Once past the downtown, on the other side of the city, the wrong side of the tracks but better than where they’d been living, her father likes to say, they stop at the Hot Dog Shoppe’s drive-thru window, order fries and chili cheese dogs for both of their lunches, then continue on to the house Sylvie’s father purchased several months ago.  “An upgrade, Sylvie,” he had said when he took her to the old brick Tudor with the ivy creeping up one of its walls.  Much better than the falling-down house where they’d lived when her mother was alive.  Sylvie still passed that house on her bus ride to and from school each day.  That house could barely hold itself up when they’d moved out last spring.  Now it really was falling down, leaning to one side unsteadily.  The windows had all been broken by vandals and thieves now, people looking for leftover valuables.  Not jewels or antique furniture.  Copper piping, aluminum window frames and siding–anything they could turn in for money.  They found nothing in that house, though.  Sylvie’s father had already stripped the place before others could get to it.

Inside he sits at the computer desk, as usual, one hand pressing the hot dog to his mouth, the other moving the mouse, clicking, opening e-mail.  They’d had a lot of work in the past year, after word spread that her father could truly rid homes of lingering spirits, temper-tantrum poltergeists and troublesome ghosts.  He’d built his own website after a while, and bought the new house.  He was going to give her a better life, he told her.  A better life than the one he’d had.  Sylvie wondered why he spoke as if his life was already over.  Her mother was dead.  Her father was alive despite his deathly self-description.  How could he not see the difference?

“Another one!” he shouts while chewing a bite of his chili dog.  He grabs the napkins Sylvie has placed beside the mouse pad and wipes away the sauce that dribbled out while he spoke.  “Listen to this, Sylvie.”

*

Dear Mr. Applegate,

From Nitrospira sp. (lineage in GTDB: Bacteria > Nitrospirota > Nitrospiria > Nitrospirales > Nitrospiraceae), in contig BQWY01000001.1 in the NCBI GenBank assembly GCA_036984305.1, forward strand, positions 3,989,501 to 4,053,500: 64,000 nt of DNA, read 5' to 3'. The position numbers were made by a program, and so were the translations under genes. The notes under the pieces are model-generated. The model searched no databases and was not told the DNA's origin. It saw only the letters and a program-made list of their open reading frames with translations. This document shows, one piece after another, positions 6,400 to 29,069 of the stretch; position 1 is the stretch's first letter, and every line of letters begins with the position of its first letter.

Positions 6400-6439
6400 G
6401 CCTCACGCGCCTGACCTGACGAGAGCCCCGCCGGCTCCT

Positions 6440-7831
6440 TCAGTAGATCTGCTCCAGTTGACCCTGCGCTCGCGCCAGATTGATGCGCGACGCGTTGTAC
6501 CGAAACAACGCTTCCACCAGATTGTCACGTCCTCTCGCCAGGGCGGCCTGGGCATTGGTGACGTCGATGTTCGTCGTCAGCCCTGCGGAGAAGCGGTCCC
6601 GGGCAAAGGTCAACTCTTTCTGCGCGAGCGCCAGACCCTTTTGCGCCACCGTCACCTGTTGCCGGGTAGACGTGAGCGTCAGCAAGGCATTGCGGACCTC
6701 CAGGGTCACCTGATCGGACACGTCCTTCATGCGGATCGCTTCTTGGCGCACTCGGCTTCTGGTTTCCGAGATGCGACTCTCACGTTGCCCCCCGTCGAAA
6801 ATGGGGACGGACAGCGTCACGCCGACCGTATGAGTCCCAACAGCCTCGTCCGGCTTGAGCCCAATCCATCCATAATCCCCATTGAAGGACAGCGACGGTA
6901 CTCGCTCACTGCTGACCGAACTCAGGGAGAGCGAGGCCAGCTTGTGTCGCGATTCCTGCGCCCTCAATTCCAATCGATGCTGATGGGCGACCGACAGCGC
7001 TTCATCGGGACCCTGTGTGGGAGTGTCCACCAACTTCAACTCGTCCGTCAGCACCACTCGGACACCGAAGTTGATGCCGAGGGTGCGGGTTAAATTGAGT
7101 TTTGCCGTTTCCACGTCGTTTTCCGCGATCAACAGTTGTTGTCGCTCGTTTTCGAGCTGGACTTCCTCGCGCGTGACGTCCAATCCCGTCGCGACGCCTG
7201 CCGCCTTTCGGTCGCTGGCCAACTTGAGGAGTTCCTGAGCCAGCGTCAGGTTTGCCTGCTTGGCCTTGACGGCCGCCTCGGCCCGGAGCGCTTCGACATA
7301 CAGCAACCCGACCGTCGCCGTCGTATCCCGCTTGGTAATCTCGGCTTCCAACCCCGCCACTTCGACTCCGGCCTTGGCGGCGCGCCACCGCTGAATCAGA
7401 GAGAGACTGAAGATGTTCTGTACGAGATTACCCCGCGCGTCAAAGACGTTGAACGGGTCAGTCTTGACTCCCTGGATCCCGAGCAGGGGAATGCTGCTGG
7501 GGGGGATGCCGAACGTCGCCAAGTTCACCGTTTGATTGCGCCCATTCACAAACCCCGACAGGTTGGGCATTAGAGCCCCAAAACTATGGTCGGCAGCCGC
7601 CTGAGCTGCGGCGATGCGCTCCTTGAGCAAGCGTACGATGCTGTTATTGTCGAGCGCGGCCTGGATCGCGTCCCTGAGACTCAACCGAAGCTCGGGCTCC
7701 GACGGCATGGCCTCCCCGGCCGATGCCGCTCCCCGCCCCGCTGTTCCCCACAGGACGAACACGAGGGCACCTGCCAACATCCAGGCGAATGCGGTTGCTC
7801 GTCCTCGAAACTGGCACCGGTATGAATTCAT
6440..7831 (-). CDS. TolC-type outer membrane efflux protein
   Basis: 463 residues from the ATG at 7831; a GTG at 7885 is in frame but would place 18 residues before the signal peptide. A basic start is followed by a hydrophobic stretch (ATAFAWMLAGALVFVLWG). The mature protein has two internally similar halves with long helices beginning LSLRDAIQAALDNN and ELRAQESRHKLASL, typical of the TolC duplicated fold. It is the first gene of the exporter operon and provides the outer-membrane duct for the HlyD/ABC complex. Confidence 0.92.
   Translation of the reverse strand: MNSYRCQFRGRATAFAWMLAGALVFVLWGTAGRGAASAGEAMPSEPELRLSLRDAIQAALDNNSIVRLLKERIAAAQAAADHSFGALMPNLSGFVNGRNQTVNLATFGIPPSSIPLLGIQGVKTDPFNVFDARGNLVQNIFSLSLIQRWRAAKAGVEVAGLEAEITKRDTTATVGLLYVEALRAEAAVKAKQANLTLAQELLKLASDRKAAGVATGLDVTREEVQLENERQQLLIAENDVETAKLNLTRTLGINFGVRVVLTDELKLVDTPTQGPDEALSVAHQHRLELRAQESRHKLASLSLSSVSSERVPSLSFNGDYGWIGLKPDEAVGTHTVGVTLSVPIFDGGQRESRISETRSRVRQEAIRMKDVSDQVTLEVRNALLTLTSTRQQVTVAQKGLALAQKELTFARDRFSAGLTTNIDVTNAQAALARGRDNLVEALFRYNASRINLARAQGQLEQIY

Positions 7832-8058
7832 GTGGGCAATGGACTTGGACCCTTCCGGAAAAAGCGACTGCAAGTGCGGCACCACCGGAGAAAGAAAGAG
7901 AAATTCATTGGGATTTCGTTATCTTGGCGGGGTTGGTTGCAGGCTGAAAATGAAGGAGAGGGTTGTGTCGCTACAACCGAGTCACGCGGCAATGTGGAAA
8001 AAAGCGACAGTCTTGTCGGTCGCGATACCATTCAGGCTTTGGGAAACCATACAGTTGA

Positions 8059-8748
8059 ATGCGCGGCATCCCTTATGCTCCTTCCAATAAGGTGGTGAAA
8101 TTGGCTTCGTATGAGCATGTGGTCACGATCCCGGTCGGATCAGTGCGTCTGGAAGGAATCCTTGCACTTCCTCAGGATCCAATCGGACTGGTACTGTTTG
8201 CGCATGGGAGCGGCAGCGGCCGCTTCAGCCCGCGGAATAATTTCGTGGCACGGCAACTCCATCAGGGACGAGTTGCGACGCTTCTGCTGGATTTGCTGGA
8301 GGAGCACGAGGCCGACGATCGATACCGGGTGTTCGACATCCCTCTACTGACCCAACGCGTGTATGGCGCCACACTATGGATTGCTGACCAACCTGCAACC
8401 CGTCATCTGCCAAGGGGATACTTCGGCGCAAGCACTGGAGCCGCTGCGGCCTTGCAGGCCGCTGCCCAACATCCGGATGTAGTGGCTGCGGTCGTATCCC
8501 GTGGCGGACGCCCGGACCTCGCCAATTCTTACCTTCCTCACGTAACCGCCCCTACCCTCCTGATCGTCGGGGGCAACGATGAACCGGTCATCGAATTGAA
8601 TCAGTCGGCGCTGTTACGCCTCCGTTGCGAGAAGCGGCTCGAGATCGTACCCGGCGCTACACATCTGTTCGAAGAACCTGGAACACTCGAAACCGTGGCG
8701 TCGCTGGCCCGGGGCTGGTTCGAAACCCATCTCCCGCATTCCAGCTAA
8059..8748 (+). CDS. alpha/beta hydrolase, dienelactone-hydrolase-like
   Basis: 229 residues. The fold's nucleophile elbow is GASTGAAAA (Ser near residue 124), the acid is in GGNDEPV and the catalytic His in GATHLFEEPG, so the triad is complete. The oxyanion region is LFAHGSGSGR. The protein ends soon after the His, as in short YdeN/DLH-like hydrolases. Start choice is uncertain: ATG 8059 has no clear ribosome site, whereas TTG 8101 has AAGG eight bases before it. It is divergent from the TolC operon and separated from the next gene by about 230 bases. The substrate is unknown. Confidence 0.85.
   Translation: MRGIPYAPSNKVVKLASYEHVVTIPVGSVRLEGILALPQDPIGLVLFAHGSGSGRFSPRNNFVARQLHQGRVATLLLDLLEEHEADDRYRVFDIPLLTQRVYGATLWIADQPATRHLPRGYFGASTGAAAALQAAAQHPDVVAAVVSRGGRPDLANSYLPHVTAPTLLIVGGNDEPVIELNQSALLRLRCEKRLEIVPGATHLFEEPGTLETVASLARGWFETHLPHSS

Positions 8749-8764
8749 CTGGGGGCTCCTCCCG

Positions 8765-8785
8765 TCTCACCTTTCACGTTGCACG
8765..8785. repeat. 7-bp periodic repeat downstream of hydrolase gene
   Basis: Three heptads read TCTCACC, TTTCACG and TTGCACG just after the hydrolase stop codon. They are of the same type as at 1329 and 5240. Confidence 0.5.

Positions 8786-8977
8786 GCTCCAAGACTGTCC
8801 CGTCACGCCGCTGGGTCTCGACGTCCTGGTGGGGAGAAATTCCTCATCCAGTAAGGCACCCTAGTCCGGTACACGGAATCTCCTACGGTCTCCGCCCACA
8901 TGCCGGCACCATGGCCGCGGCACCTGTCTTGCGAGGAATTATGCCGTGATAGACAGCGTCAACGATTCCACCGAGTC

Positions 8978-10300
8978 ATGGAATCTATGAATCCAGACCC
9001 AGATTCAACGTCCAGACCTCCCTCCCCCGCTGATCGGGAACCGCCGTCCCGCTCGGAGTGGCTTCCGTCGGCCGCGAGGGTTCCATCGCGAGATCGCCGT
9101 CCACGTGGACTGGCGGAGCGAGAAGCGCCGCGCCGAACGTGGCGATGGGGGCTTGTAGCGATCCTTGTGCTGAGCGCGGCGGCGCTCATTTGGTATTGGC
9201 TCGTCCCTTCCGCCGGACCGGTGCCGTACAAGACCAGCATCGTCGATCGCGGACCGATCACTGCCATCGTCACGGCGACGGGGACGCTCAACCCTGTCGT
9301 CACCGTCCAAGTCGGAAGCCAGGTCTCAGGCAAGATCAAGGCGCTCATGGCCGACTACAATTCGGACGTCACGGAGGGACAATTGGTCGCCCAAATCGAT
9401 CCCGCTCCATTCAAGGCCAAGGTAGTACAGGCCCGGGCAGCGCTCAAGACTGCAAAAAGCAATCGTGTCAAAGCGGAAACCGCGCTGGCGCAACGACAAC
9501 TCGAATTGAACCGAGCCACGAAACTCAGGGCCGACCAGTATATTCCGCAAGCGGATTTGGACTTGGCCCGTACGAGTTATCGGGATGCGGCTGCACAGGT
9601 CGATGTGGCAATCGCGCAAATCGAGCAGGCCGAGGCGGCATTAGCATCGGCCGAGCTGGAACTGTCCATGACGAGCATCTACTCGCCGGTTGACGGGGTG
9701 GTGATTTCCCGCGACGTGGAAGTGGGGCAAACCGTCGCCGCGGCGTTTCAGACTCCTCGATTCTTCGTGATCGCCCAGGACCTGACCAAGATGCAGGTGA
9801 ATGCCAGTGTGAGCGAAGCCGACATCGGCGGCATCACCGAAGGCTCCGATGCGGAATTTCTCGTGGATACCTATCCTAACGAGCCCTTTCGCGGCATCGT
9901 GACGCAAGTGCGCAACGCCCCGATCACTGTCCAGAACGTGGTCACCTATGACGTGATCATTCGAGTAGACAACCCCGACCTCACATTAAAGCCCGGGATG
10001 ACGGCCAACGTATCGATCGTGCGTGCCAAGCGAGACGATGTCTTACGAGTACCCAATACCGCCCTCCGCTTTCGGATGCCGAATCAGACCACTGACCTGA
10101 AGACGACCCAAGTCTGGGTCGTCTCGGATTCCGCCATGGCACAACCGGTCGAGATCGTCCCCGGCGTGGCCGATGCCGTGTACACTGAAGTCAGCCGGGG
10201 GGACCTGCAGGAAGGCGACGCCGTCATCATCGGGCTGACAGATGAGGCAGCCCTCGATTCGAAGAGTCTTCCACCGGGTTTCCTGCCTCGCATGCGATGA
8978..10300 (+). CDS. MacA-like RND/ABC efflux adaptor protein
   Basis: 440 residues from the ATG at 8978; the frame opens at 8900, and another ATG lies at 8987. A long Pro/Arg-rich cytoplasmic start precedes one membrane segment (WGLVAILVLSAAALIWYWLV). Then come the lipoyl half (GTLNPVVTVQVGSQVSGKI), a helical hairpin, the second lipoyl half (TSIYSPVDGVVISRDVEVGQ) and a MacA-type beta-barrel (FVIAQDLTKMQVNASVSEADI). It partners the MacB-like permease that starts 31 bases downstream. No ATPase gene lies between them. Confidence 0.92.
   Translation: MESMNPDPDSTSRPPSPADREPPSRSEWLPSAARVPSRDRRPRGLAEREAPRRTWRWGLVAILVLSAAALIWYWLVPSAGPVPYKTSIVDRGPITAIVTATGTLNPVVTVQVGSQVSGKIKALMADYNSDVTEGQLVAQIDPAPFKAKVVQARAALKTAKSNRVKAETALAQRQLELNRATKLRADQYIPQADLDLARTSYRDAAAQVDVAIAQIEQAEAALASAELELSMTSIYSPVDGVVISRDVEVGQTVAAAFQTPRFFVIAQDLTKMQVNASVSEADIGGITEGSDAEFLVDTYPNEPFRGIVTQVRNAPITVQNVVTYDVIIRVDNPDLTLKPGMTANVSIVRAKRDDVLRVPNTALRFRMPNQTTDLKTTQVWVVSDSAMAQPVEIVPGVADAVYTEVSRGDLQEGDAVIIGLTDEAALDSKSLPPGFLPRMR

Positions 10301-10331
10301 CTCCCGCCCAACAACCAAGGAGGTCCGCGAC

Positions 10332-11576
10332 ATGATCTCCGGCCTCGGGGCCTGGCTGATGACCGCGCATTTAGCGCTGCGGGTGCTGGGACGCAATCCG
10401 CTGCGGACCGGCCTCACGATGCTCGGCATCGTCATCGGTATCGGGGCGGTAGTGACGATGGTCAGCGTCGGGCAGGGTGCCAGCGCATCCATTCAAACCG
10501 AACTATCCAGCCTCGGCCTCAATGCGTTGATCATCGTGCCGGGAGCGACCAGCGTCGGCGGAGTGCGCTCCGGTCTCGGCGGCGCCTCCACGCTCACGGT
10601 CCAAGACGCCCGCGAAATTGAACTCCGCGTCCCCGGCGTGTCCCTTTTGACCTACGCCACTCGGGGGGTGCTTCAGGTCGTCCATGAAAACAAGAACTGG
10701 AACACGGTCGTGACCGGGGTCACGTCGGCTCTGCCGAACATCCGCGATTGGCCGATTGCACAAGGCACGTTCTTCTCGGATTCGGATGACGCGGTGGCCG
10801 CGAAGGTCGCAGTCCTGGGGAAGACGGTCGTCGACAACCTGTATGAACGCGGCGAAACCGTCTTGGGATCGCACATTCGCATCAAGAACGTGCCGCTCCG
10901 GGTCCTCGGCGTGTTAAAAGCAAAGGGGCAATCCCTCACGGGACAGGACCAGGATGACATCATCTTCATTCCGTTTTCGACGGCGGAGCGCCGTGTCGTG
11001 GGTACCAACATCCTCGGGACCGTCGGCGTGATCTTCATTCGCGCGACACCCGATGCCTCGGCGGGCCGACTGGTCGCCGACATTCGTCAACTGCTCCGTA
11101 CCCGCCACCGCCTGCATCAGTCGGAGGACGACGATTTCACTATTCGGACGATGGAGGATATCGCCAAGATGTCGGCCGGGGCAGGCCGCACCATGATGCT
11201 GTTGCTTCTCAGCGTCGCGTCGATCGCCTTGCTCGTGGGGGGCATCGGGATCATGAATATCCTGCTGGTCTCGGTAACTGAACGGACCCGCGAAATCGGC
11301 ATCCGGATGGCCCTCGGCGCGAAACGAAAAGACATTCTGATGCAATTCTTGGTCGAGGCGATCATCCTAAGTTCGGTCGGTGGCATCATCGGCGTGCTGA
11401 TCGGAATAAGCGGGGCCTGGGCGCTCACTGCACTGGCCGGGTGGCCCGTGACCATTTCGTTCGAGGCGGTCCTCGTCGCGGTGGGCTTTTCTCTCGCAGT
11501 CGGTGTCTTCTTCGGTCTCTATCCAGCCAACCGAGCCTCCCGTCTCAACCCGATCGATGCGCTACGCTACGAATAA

My husband and I have recently read in the newspaper about your ability to exorcise spirits.  Frankly, my husband thinks it is bullshit (his word) but for my sake he said he is willing to try anything.  You see, we have a sort of problem ghost in our home.  It was here before we were.  It’s the ghost of a child, a baby.  It cries and cries, and nothing we do stops it except when I sing it lullabies in what must have been the baby’s room at some point in this home’s history.  Sometimes we’ll find little hand prints in something I might spill on the floor–apple sauce, cake batter I might have slopped over while I wasn’t paying attention because I was on the phone with my mother or perhaps a friend.  If it were only the hand prints, I don’t think it would matter very much to us.  But the crying just goes on and on and it’s begun to drive a wedge between my husband and me.  He seems to be–well, I’m not sure how to put it.  He seems to be jealous of the baby ghost.  Probably because I sing it lullabies quite often.  At least four or five times a day.  Sometimes I worry about it, too, when I’m out shopping or seeing a movie with a friend or my mother, and I’ll think, How is that baby?  I hope the baby is all right without me.  I mean, it won’t stop crying for my husband even if he was at home.  The baby doesn’t like him.  And often he’ll leave and go to the bar down the road when that happens until I come home and sing it back to sleep.  We’re not rich people, though, Mr. Applegate.  And the prices I read on your website are a bit out of our range.  Would we be able to bargain?  I know it’s a lot to ask, considering the task, but as of now we could afford to pay you eight hundred dollars.  I wish it were more, but there it is.  You’re our only hope.  Would you help us?